Hironobu Sakaguchi Clears the Air on Final Fantasy VI

Hironobu Sakaguchi Clears the Air on Final Fantasy VI

The creator of Square-Enix's legendary RPG series shatters a widely believed misconception.

The greatest part of writing about games is just how accessible the most legendary figures can be.

Someone who writes about movies may never get a chance to meet Scorsese, Spielberg, or Nolan, but we're regularly led into rooms where some of the most amazing talents sit, ready to answer our questions. The one downside, though, is that our questions are rarely permitted to stray from the subject of current releases—which can be pretty frustrating if, like me, you happen to help run a classic gaming podcast.

So, when I had the opportunity to speak with Hironobu Sakaguchi about his mobile RPG Terra Battle earlier this year, I knew I'd have the chance to sneak in one question about Final Fantasy, at the very least—so I wanted to make it a good one. At some point in time, it was accepted as conventional wisdom that Final Fantasy VI met with disappointing sales in Japan and moderate success in America, most likely due to its dark themes and unconventional structure. It's a factoid I've heard tossed around plenty of times in the 20 years I've been reading about the game on the Internet, so I decided to go right to the source and ask Sakaguchi himself.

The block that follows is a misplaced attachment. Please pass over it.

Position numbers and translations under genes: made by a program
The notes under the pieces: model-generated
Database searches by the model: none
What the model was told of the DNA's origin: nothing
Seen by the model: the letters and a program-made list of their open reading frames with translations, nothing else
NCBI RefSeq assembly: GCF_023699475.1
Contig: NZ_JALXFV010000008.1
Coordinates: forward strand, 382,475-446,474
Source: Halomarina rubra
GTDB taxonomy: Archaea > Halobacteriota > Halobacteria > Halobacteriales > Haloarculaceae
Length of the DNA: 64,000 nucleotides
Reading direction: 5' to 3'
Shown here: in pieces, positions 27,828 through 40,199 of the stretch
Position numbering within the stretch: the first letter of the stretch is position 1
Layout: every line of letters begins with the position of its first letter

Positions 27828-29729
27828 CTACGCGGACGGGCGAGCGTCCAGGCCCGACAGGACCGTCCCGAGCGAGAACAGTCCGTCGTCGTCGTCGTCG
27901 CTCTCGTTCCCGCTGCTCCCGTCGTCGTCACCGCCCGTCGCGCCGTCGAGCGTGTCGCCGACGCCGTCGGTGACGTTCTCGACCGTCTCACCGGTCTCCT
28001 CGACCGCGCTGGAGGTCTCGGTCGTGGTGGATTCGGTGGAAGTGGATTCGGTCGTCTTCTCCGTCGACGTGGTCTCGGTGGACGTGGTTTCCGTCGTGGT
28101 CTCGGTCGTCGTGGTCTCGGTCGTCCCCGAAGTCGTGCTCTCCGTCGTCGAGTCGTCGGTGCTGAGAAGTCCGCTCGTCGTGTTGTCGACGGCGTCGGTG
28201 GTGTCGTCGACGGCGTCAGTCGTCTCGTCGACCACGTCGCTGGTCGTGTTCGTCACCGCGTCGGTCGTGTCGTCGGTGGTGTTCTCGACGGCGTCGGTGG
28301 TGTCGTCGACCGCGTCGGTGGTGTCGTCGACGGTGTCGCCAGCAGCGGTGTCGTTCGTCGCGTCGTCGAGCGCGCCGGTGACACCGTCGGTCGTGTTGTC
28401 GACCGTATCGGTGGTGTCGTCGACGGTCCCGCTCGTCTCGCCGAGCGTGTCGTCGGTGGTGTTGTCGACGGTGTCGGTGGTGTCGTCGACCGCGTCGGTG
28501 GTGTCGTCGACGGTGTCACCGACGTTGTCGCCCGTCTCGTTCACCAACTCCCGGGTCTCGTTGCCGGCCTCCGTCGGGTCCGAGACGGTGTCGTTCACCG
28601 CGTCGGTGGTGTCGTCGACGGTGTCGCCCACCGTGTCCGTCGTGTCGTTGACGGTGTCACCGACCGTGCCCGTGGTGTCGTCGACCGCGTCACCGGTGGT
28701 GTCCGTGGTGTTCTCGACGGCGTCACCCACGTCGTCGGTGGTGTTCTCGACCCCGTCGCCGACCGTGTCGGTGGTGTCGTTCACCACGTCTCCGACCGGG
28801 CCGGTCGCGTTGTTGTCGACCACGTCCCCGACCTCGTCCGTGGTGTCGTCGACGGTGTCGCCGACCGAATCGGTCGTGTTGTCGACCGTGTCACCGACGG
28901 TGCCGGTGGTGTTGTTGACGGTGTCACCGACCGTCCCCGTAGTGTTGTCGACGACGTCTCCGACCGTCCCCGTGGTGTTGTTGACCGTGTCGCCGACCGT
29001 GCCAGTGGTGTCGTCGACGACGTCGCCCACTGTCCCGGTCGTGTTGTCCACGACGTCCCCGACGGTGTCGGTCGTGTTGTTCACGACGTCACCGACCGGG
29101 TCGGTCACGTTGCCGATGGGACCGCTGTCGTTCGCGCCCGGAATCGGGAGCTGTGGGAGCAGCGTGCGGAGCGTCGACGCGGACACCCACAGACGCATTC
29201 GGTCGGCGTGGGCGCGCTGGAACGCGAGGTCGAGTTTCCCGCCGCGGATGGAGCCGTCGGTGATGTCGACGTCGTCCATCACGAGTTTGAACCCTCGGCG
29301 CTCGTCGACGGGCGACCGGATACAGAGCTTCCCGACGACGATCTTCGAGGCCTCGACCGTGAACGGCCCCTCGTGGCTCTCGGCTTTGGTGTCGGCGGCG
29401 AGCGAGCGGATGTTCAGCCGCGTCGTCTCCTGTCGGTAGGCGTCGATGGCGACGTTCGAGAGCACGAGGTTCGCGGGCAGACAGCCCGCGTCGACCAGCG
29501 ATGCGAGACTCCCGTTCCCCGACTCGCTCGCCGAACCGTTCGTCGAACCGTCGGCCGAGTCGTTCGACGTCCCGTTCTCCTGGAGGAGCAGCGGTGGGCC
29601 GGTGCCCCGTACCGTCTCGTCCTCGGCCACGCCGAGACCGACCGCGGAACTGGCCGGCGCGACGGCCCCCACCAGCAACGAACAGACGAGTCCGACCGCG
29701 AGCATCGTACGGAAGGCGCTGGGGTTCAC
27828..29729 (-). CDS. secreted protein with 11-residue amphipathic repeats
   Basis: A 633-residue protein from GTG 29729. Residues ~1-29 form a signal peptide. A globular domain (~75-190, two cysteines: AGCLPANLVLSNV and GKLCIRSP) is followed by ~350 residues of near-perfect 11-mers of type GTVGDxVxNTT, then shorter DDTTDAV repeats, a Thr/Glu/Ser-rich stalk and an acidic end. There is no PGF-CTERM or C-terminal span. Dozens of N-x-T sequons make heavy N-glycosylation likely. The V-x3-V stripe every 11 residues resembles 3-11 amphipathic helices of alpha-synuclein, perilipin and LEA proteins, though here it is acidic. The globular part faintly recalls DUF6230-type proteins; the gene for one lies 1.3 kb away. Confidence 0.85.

Thankfully, he set the record straight:

"In terms of numbers, [Final Fantasy VI] didn't sell in the States. It actually did very well in Japan. I'm mystified, because I see [Americans] are playing the [mobile] version. I think size of the characters really matters to an American audience, so from Final Fantasy VII onward, we used bigger characters. [I think] that's why Final Fantasy VII took off. But I am kind of mystified [by VI's current popularity in the West], because [Americans] didn't buy Final Fantasy VI back then."

So, there you have it. Not the most groundbreaking news for your Friday, but still, an interesting revelation about a time when video game sales numbers weren't so concrete.

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